World & Nation

Trayvon Martin friend says she told him to flee in last calls

Trayvon Martin friend says she told him to flee in last calls
Defense attorneys Mark O’Mara, left, and Don West, defendant George Zimmerman and attorney Lorna Truett listen to testimony Wednesday.
(Jacon Langston / Pool Photo)

Rachel Jeantel, the last person to talk to Trayvon Martin, testified that she told the unarmed black teenager to run after he told her that he thought he was being followed.

Jeantel, considered a key prosecution witness,  took the stand at the George Zimmerman murder trial Wednesday. She spoke in soft tones and reached frequently for tissues to wipe her eyes as she recounted talking by cellphone with the 17-year-old Martin.


Zimmerman, 29, is charged with second-degree murder and has said he shot Martin in self-defense.

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Asked whether she and Martin were boyfriend and girlfriend, Jeantel, now 19, said, “No, we were just friends.”

On the night of Feb. 26, 2012, she was in Miami, talking on her cellphone with Martin, who was in Sanford, Fla. He told her that he was going to the store to get some candy and a drink for his future stepbrother.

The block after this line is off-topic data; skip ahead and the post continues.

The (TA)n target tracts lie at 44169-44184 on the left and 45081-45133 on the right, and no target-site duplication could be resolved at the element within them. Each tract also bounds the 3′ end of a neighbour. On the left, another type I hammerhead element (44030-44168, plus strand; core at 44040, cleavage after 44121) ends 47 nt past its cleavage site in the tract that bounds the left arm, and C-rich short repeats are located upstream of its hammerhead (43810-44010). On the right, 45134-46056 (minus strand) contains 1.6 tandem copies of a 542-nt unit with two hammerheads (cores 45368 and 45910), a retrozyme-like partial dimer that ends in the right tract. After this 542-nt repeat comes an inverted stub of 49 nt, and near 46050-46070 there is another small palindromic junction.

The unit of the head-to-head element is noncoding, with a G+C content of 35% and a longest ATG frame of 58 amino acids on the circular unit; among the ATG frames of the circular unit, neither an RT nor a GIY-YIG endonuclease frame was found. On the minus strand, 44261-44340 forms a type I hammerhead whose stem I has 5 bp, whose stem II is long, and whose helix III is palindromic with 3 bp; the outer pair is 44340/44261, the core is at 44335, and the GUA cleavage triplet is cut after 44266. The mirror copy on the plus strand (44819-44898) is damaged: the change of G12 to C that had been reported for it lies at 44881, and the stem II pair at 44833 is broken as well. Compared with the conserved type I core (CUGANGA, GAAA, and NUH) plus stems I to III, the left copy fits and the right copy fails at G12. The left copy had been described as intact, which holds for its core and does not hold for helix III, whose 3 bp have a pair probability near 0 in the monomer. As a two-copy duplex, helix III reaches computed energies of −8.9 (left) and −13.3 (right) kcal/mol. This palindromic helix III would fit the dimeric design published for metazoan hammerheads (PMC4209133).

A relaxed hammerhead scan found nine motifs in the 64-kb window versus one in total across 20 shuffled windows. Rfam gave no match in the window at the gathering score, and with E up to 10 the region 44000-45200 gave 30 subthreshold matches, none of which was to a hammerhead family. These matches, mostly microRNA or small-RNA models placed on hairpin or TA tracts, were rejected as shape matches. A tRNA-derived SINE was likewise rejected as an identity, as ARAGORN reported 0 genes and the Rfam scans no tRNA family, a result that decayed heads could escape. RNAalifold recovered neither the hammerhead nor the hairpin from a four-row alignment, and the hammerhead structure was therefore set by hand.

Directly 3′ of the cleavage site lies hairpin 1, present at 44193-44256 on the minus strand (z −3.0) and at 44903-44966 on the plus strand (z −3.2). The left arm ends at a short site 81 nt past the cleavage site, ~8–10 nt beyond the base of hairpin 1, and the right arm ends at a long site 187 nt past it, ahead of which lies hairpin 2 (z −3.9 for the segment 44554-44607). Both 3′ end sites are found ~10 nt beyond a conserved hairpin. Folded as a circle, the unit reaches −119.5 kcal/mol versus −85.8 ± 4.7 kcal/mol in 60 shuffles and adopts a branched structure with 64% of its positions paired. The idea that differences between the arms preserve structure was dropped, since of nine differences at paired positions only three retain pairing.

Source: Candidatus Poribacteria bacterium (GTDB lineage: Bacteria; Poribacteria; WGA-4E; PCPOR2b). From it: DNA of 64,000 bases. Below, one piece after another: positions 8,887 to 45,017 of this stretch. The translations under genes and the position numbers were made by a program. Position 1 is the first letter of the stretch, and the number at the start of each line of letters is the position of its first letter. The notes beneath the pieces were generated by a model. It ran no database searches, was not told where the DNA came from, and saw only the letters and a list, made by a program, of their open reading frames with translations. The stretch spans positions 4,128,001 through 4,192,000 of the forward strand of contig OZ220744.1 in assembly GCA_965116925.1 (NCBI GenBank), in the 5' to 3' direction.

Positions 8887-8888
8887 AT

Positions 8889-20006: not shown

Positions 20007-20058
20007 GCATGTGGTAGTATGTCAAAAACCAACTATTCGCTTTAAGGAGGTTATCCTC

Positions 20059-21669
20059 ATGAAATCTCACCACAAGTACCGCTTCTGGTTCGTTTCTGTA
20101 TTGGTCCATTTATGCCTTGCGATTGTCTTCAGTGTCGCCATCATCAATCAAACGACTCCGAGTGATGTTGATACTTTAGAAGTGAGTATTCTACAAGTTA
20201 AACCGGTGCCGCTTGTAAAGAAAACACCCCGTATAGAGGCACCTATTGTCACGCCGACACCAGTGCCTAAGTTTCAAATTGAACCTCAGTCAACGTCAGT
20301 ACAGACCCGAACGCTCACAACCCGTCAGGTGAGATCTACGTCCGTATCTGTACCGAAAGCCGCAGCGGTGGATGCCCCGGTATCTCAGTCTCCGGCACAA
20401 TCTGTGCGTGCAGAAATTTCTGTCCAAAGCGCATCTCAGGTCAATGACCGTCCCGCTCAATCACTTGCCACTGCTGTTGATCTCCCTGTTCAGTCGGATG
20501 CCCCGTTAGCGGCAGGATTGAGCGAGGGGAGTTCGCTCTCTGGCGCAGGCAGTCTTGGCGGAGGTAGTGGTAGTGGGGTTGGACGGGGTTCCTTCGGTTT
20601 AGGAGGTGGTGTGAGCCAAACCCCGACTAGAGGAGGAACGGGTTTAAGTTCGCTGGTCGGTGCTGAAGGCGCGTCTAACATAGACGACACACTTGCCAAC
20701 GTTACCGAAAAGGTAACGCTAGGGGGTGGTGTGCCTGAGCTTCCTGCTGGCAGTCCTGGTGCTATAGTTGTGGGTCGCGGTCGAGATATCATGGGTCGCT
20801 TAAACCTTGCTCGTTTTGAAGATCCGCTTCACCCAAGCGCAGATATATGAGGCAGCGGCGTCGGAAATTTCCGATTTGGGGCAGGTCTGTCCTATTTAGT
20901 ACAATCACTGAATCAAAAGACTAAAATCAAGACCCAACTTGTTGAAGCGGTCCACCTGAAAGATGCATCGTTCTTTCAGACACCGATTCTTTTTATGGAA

Then, she said, he became concerned.

“A man was watching him,” Jeantel said Martin told her several times. “He said a man kept watching him.


 “I asked him how the man looked like,” she said. Martin replied that he “looked like a creepy ... cracker,” she said, using a slang term for a white person.

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Jeantel said she warned Martin the man might be a rapist, which he laughed off. They continued chatting, but Martin then said the man was still trailing him and he was going to try to lose him.

At that point, Jeantel said, she told Martin to run.


The phone cut off, but she called him back and Martin answered and said he still was trying to lose the man following him.

“I said ‘Oh, you better keep running.’”

By now, she said Martin was breathing heavily. At one point he told her he had lost the man following him. Then, she said, Martin said, “Oh [expletive],” and told her the man was behind him again.

What followed, Jeantel testified, was an apparent confrontation between the two.

She said she heard Martin say, “What are you following me for?”

“And then I heard a hard-breathing man say, ‘What are you doing around here?’”

Then, she said, she heard a bump and assumed it was the sound of Martin’s earplugs falling to the ground. A second later, the call dropped.

Her credibility has come into question because she lied about not attending Martin’s funeral. Jeantel said she was in the hospital, but later admitted lying.

Asked by lead prosecutor Bernie de la Rionda why she did not go to her friend’s funeral, she replied, “I didn’t want to see the body.”

She said she also felt guilty about having to see Martin’s parents after his death. Asked why, she said because “I was the last person that talked to their son.”

Jeantel began weeping at that point, wiping away tears with white tissues.

She will face cross-examination when court resumes.


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